On a balmy evening in early May, I drive down South Broadway — south South Broadway: scrap yards to my left, ramshackle storefronts to my right, here and there a sliver of the swollen Mississippi visible between rooftops and storage tanks — and then hang a left on River City Casino Boulevard toward another world altogether. I don't mean the casino itself. Its smoky clamor will be familiar to hardcore gambler and curious punter alike. No, the name of this strange new world is The Beerhouse, one of the restaurants inside River City. (When the casino opened last year, this was called the 1904 Beerhouse; the 1904 designation now belongs to the casino's steak house.) A meal here might be the most surreal dining experience currently on offer in St. Louis.
It begins even before you step foot inside the restaurant proper. The hostess who greets you outside its entrance — there is no front door, but rather a ramp that leads up from the casino's south entryway; as seems typical in modern casino design, the feel inside River City is as much upscale shopping mall or airport terminal as den of sin — is dressed as a Bavarian barmaid, via the Disney Snow White, via the fecund imagination of a thirteen-year-old boy.
The waitresses all wear this costume, but unless you are that thirteen-year-old boy, you might lose such a detail amid the Beerhouse's sheer grandiosity. This is an Applebee's as conceived by mad King Ludwig II.
The bar is the focal point — and not because the restaurant has beer in its name and a hundred-odd brews available. This is, by far, the longest bar that I've ever seen. Is it 30 yards in length? 40? If the bartender wanders away, you need a megaphone and a flare gun to get his attention again. The bar itself is timeless, dark wood topped with stone, but the long, high wall behind it is a 21st-century multimedia eye-fuck — sports shown on flat-screen TV monitors, which are suspended in front of light panels that gradually shift from one color to another over the course of your meal.
This light display is intercut every now and again with wood posts on which authentic-seeming German beer steins are hung. Sadly, your beer is served in a regular glass or a cheap-looking "stein" on which the Beerhouse logo is emblazoned. The beer list ranges from popular macrobrews (Bud, Amstel, Stella) to classic European labels like Orval to American craft beers like the lip-smackingly hoppy IPA from Stone, a newcomer to the St. Louis market.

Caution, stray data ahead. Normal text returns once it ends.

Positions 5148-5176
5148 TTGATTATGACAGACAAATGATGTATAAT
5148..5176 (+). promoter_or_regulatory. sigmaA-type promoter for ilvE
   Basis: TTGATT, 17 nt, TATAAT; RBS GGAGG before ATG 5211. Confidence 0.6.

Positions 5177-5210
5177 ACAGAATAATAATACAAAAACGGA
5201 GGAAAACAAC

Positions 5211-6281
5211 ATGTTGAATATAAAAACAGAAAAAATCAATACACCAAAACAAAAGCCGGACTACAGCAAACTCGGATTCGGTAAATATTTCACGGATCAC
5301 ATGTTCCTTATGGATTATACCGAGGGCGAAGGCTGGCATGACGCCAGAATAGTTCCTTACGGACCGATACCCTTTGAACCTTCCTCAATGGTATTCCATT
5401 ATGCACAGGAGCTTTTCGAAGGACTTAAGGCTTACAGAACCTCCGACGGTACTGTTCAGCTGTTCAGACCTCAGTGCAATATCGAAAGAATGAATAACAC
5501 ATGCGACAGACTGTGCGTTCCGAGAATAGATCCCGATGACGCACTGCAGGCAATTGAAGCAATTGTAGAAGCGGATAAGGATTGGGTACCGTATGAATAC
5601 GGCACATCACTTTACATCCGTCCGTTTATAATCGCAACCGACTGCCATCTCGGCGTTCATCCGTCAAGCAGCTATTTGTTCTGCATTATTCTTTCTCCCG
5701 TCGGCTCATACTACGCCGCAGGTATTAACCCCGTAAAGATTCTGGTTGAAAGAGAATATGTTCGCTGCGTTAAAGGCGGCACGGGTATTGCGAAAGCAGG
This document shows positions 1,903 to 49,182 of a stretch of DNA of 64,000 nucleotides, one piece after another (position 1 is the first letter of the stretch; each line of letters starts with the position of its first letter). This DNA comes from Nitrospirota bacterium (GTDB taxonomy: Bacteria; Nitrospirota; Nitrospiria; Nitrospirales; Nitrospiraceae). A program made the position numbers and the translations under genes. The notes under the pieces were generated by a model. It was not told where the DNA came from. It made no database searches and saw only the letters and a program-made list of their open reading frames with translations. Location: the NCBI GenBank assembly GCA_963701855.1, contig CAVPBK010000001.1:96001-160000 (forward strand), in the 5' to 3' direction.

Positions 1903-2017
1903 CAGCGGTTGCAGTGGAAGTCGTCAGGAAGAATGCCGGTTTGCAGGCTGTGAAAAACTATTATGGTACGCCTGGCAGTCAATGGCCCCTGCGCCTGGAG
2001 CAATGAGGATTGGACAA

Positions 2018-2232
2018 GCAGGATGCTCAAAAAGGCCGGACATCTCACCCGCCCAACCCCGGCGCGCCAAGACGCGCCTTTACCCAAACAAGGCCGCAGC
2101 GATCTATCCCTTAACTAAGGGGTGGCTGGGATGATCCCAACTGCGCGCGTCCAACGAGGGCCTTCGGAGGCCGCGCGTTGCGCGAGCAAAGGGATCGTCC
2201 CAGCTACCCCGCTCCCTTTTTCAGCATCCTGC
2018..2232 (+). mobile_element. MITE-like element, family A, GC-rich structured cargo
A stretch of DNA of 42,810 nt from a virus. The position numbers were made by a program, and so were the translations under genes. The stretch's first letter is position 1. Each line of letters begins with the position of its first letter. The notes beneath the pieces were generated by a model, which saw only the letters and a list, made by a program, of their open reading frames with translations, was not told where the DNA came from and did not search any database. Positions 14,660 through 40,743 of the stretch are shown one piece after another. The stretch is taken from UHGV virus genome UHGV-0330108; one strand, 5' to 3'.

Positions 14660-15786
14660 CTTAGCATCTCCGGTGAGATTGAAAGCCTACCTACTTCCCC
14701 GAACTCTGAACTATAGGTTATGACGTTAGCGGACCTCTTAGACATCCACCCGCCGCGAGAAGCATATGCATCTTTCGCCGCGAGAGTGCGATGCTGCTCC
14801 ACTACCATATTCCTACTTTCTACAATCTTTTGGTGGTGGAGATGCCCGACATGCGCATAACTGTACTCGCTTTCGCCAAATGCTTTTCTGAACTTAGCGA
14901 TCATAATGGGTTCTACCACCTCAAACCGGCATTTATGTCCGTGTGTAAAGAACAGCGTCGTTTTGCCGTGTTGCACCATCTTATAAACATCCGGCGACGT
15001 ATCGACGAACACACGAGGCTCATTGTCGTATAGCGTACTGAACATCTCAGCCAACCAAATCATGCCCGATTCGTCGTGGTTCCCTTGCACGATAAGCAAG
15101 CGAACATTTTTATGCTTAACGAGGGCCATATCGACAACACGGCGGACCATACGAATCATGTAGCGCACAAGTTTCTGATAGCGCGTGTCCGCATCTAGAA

(Yes, you can order wine here. Whether you ought to is another matter.)
The décor and dazzle notwithstanding, only when you open the menu and consider what to eat do things get a little...odd. On first glance, the Beerhouse offers good ol' American bar fare: burgers, sandwiches, pizzas, wings, baby-back ribs, the token steak. Not the most compelling selection, I know, and in truth, when the restaurant opened last year, I gave the menu a cursory skim and then stuck it at the very end of the places-to-go queue.
Not that this food isn't without its charms. The burgers are decent, though the patties are suspiciously symmetrical in shape and of an even thickness (i.e., likely not hand-formed). You can dress up your burger in any number of ways. I went for the "Smoky BBQ" burger, a standard arrangement of applewood-smoked bacon, cheddar cheese, crisp onion "straws" and Jack Daniel's-flavored barbecue sauce. Yeah, this is a cliché, but a tasty one.
(I must mention that the Beerhouse has a "Double Bypass" and "Triple Bypass" burger: two or three patties, respectively, with bacon, three cheeses, onion straws, tomato, steak sauce and — because why the hell not? — mayonnaise.)
Less successful are the baby-back ribs: dry-rubbed and smoked, then drowned in a sweet, sweet barbecue sauce that annihilated the flavor of the dry rub, the flavor of the pork and the whorls of my fingers. Sauce notwithstanding, the meat is measly, sparse on the bone and not very tender.
At this point I'm ready to write off the Beerhouse for exactly the reasons I pushed it to the back of the review line in the first place: as an OK place to grab a bite to eat if you already happen to be at River City — for a fun take on the usual bar nosh, go for the crab fritters, like a deep-fried miniature crab cake, with a tart, spicy chipotle aioli on the side — but not inherently interesting.
And then I notice — I mean read, frown and then reread — what the menu calls "German Pot Roast." The proverbial Proustian light turned on in the German region of my mutt brain.
Now, on a previous visit I tried the dish called "German Spaghetti" — spaghetti with beef tenderloin tips, bacon, mushroom, onion and tomato in a lager-spiked cream sauce — and was underwhelmed. The whole dish needed seasoning. The bacon didn't provide the dominant flavor; it was practically the only flavor. The tenderloin tips proved why they are trimmed from the tenderloin to begin with, lacking the cut's tenderness or taste.
The pot roast, however, is terrific. The meat is tender, its natural savor complemented by a mouth-filling, tannic sourness and warm seasoning (clove, black pepper, perhaps juniper and ginger). This is served atop an excellent rendition of spaetzle, the simple flavor of the tiny little dough balls amped by the malty zing of beer, and red cabbage braised in apple-cider vinegar.
A delicious plate of sauerbraten? At a Disneyfied beer hall-slash-sports bar inside a casino? Sold to the people of St. Louis — a city with a proud German heritage — as "German Pot Roast"?
Where the hell am I?